Our Recovery Depends On It
With less than a month to go until Election Day, politicians are throwing around a lot of facts—about the economy, about the pandemic, about climate change, about their record and their opponent’s record. The list goes on. While some of these facts are true, others are inflated or downright false. We may be tempted to chalk this up to politics as usual, but facts do matter. Especially when it comes to matters of life and death.
For instance, we know how to reduce the spread of COVID-19. We wash our hands frequently. Wear a face-covering in public. Wait at least 6 feet apart from those outside our household. Limit unnecessary exposure. Get tested if we have symptoms or believe we’ve been exposed. These facts can save our life and someone else’s if we understand and follow them.
Addiction is no different. We have to separate fact from fiction in order to reduce harm and clear a path to recovery. Here are just a few misguided “facts” that can prevent someone from seeking treatment.
Substance Use Isn’t a Big Deal.
Fact: Substance use disorders affected 21.6 million people aged 12 or older in 2019. More than 60% of Americans surveyed aged 12 and older had used a substance within the past month, and 20% had used an illicit drug.
Addiction is a Sign of Weakness.
Fact: Addiction is a chronic disease that requires long-term support. According to the National Institute on Drug Abuse, treatment “for less than 90 days” is of limited effectiveness, and treatment lasting significantly longer is recommended for maintaining positive outcomes.”
Once an Addict, Always an Addict.
Fact: People can and do recover with the right support. Research shows that individuals who participate in sober living communities and 12-step programs for a minimum of 3 months up to a year are more likely to achieve sustained recovery.
Fourteen years of supporting men in early recovery bear these facts out. Here at Next Step Recovery, we recently completed a survey to understand what aspects of our extended care and sober living programs had the greatest impact on our alumni. The average length of stay of those surveyed was four months, although some stayed in our program for a year or more.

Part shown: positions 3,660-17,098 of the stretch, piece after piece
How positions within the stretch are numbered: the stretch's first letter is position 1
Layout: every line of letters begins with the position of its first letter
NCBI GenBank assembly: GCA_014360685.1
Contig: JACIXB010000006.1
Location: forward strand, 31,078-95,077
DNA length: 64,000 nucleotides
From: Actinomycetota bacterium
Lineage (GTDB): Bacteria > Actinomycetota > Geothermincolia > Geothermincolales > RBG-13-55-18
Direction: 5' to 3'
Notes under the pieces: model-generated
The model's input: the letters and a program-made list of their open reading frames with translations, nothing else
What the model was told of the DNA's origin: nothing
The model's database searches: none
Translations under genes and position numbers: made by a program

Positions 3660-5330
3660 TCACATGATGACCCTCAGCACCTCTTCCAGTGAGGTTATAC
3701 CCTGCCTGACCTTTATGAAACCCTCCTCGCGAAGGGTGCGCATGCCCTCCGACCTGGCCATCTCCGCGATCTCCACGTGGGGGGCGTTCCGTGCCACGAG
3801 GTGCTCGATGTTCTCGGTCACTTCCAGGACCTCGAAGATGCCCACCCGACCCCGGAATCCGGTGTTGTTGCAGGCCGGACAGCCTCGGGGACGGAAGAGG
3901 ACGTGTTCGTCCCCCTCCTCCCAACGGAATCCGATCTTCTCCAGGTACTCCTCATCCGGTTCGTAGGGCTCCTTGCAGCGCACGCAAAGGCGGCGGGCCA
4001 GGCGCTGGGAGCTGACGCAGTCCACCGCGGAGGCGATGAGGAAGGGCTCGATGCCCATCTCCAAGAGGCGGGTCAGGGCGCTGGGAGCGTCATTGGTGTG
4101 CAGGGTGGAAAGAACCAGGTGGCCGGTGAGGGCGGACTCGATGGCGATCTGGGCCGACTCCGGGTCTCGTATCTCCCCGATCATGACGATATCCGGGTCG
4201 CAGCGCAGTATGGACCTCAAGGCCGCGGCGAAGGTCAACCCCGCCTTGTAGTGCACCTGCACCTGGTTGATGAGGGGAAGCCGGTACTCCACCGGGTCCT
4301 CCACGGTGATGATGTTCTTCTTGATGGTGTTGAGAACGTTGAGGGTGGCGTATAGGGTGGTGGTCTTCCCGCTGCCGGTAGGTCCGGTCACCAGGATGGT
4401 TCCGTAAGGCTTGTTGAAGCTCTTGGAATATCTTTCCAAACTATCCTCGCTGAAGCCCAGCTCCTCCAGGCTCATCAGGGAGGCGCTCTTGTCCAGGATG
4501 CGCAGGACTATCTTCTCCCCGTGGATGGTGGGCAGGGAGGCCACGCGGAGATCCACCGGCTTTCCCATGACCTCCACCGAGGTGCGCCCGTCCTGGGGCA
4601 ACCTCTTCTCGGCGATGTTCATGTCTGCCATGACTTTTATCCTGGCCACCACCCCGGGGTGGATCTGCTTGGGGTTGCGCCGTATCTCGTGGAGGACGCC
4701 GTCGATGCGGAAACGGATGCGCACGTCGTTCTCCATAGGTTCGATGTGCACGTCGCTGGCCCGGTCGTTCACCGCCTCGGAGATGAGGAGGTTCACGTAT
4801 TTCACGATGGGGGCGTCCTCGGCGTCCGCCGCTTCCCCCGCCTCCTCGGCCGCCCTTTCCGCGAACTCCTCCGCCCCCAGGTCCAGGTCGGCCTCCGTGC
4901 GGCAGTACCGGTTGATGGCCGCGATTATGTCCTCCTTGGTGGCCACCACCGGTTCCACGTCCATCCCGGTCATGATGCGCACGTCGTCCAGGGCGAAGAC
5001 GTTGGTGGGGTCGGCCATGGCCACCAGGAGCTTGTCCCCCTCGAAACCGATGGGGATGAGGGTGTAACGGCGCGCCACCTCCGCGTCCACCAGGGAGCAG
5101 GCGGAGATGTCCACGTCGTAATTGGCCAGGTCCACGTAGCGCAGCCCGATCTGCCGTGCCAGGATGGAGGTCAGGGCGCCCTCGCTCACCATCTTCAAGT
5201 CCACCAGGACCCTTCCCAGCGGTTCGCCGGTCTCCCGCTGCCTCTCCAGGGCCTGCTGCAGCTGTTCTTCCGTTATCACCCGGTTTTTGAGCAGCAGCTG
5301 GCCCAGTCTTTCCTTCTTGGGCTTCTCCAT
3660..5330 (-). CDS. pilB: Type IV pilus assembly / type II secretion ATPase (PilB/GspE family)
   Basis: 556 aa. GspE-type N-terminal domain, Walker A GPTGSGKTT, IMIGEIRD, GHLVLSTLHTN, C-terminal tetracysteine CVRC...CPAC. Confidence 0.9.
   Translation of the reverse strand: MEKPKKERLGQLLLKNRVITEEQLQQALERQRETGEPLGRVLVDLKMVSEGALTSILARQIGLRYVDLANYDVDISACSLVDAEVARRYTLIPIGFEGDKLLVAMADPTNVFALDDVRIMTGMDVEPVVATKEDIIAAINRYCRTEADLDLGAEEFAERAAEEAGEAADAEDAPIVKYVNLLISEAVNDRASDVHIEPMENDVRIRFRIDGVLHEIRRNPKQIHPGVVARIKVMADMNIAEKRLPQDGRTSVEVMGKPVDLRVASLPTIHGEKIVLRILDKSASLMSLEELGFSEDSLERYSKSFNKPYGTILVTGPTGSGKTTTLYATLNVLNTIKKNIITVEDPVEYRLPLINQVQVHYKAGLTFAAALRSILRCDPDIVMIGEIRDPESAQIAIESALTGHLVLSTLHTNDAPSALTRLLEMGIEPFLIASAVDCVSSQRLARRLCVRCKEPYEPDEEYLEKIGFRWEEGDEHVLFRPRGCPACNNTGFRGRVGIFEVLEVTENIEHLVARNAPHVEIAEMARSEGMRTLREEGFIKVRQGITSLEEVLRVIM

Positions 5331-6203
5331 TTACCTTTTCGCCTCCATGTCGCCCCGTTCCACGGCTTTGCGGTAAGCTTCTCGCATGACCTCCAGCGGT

The majority of those surveyed indicated their time at Next Step Recovery was a life-changing experience. Many shared that fellow residents were critical for their recovery. Some admitted resisting our program’s structure at first but have recognized its value in hindsight. Outdoor adventures were a highlight for most, and many identified the love and support of staff members as the most impactful. Alumni also expressed appreciation for the program’s focus on building life skills, healthy communication, and positive coping strategies.
It’s been incredibly rewarding to hear how our programs have made a difference in so many lives. But it wasn’t a surprise. Recovery is something we see happening every day in the hard work of our residents, “a ha!” moments in group meetings, on-the-job successes, and on the mountain trails where community members discover they are much more than their disease.
The fact is, our residents do recover. But don’t take our word for it. We encourage you to get the facts for yourself by visiting nextsteprecovery.com. If you or someone you know needs help finding recovery, please give us a call at 828.350.9960.
What People Are Saying
Next Step Recovery has provided me with so many tools in order to be successful on my road to recovery. The staff is always there when you need it and are helpful for whatever you are going through. I will be forever grateful for what Next Step has done for me.
Next Step Recovery’s therapeutic structured program has transformed my son into a completely different man. I am so grateful [they] met my son exactly where he was in his dark moment. I highly recommend this program to parents looking for a higher-level program.
—a grateful parent
Next Step Recovery is one of the few places we refer to. Their team has made great strides to provide a safe living space, accountability, and the structure that men in early recovery need to be successful.